The goblin was the first to notice the tiefling and released a surprised screech, but by the time the woman turned around, Axk’hran had raised his hand, mumbled something, and a thin gold thread of sparks erupted out of his palm, hitting the goblin in his chest.

“What do you think you’re doing?” the woman exclaimed. The goblin stumbled backward with sheer shock on his face, then looked up at Axk’hran, amazed. His spear dropped onto the ground.

“What do you think you’re doing?” the tiefling threw the question back to her. Viridiane stepped forward hesitantly, half-hiding behind him, clutching the crystal in her neck. 

“As I said, I know a lot about goblins! I was trying to get some information out of him!”

“You should have warned us or something,” Viridiane muttered.

The woman glared at her. She spun around towards the goblin, but clearly directed her words to the tiefling. “What have you done to him?”

Axk’hran smirked. “I’m helping you to get that information. Hello, mister!” he greeted the little green creature. “Can you understand me?”

The goblin, who had been silently following their argument with a strange, friendly smile on his wrinkly face, perked up. “Yes, mister! I understand,” he said in accented, but perfectly spoken Common.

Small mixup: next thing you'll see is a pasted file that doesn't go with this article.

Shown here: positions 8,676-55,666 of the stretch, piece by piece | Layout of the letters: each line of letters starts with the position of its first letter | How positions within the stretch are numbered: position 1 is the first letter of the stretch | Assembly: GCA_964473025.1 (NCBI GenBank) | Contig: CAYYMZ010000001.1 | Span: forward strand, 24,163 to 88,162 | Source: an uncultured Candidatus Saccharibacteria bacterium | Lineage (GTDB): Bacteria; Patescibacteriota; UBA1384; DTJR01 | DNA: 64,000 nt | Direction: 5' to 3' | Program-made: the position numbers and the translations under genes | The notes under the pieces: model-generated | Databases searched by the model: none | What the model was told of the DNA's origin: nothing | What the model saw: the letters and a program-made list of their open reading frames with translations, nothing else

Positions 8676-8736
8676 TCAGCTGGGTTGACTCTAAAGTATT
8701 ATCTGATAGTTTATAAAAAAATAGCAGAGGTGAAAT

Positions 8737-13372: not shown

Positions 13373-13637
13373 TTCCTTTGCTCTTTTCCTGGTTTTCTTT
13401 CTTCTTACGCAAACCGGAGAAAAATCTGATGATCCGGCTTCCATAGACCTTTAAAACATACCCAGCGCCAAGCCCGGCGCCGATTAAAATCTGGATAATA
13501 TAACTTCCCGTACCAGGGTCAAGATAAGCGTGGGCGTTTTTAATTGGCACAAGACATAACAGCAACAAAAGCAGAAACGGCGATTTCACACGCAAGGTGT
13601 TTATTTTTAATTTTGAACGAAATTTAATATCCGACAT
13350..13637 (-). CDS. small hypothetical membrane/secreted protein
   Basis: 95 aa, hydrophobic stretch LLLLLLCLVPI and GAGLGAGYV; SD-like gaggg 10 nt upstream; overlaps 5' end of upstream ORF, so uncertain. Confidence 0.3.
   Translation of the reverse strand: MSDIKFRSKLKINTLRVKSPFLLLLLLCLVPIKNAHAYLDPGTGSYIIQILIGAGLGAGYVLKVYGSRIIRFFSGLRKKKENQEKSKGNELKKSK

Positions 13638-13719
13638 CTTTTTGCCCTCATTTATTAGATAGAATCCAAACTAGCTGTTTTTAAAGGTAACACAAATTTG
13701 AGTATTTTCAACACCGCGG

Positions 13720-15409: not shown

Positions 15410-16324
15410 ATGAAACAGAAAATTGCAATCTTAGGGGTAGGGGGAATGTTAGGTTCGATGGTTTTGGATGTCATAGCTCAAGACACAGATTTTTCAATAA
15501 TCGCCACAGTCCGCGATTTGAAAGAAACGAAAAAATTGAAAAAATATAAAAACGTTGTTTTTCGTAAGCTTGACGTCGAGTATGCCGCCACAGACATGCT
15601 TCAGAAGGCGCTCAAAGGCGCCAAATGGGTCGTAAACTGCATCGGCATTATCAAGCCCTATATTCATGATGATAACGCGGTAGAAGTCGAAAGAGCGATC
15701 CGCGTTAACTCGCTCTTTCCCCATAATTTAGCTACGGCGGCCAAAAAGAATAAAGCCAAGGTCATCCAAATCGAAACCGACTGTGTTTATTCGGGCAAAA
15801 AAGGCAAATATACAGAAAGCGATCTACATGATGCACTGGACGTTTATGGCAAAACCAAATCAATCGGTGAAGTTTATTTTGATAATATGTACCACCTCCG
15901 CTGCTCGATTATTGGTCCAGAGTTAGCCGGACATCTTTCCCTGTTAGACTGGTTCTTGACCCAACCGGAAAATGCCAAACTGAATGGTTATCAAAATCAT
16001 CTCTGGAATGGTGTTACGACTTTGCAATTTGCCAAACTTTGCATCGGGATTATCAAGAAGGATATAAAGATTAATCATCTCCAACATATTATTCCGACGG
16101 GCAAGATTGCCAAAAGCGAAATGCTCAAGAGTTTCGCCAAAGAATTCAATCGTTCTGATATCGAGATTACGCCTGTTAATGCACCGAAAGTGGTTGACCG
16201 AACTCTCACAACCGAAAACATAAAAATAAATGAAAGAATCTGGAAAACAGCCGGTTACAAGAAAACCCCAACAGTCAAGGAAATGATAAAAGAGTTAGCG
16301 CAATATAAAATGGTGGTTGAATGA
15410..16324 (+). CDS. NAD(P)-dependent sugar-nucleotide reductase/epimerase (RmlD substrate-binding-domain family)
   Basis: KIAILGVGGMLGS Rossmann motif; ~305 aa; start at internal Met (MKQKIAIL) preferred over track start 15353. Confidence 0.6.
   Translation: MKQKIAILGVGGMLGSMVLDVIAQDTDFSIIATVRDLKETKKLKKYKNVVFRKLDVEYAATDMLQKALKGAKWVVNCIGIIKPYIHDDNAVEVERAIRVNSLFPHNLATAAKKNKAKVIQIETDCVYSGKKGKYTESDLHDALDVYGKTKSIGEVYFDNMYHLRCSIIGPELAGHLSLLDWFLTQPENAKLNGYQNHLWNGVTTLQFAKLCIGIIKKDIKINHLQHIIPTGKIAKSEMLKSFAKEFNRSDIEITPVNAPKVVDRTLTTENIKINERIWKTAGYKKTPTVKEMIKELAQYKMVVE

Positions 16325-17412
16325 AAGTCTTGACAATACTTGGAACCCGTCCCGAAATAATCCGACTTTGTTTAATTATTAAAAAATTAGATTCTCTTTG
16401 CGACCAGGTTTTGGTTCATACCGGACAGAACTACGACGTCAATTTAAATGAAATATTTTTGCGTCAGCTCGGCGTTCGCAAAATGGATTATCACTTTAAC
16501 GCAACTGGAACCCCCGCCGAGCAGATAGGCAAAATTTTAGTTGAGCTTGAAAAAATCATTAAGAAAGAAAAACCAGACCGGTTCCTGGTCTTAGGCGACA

“Excellent. Can you tell me your name and where your friends took the human child?”

“My name is Bobbi. And they took her to the Boss!” the goblin provided readily. The woman peered at Axk’hran in suspicion but didn’t say anything.

“The Boss, you say? Who is this Boss, and what do they want to do with the girl?” the tiefling asked.

Bobbi shrugged. “Don’t know. Boss was very angry. We should be behaving ourselves, that’s what the Master said, but we have been here alone for so long! Master didn’t come back, Boss got mad, said we needed to do something.”

That sounded confusing. Viridiane glanced at Axk’hran, hoping that he understood the situation better than her, but the tiefling seemed equally at a loss. 

“Where is your boss?” asked the woman, this time in Common. 

Bobbi answered instantly. “He’s back there!” He pointed at the door behind him, but he didn’t look away from Axk’hran—whatever the tiefling had done to him made the goblin be nice to him specifically.

“How many of you are there?”

“Uh…” Bobbi paused, silently counting, then held out his hands, his fingers spread out. “This many!”

“Alright, at least ten, that’s…nice,” Axk’hran summarized. “Anyone else have a good question? This thing will hold for a while if we don’t attack the little guy.”

Viridiane stepped forward; this way, she had a line of sight to the open doorway behind the goblin. There was darkness, and maybe another room beyond the threshold, but for now, she didn’t see anything moving.

“Who is this Master?” she asked, but the goblin just shrugged again. 

“He is the Master. Boss talks to him. I never met him.”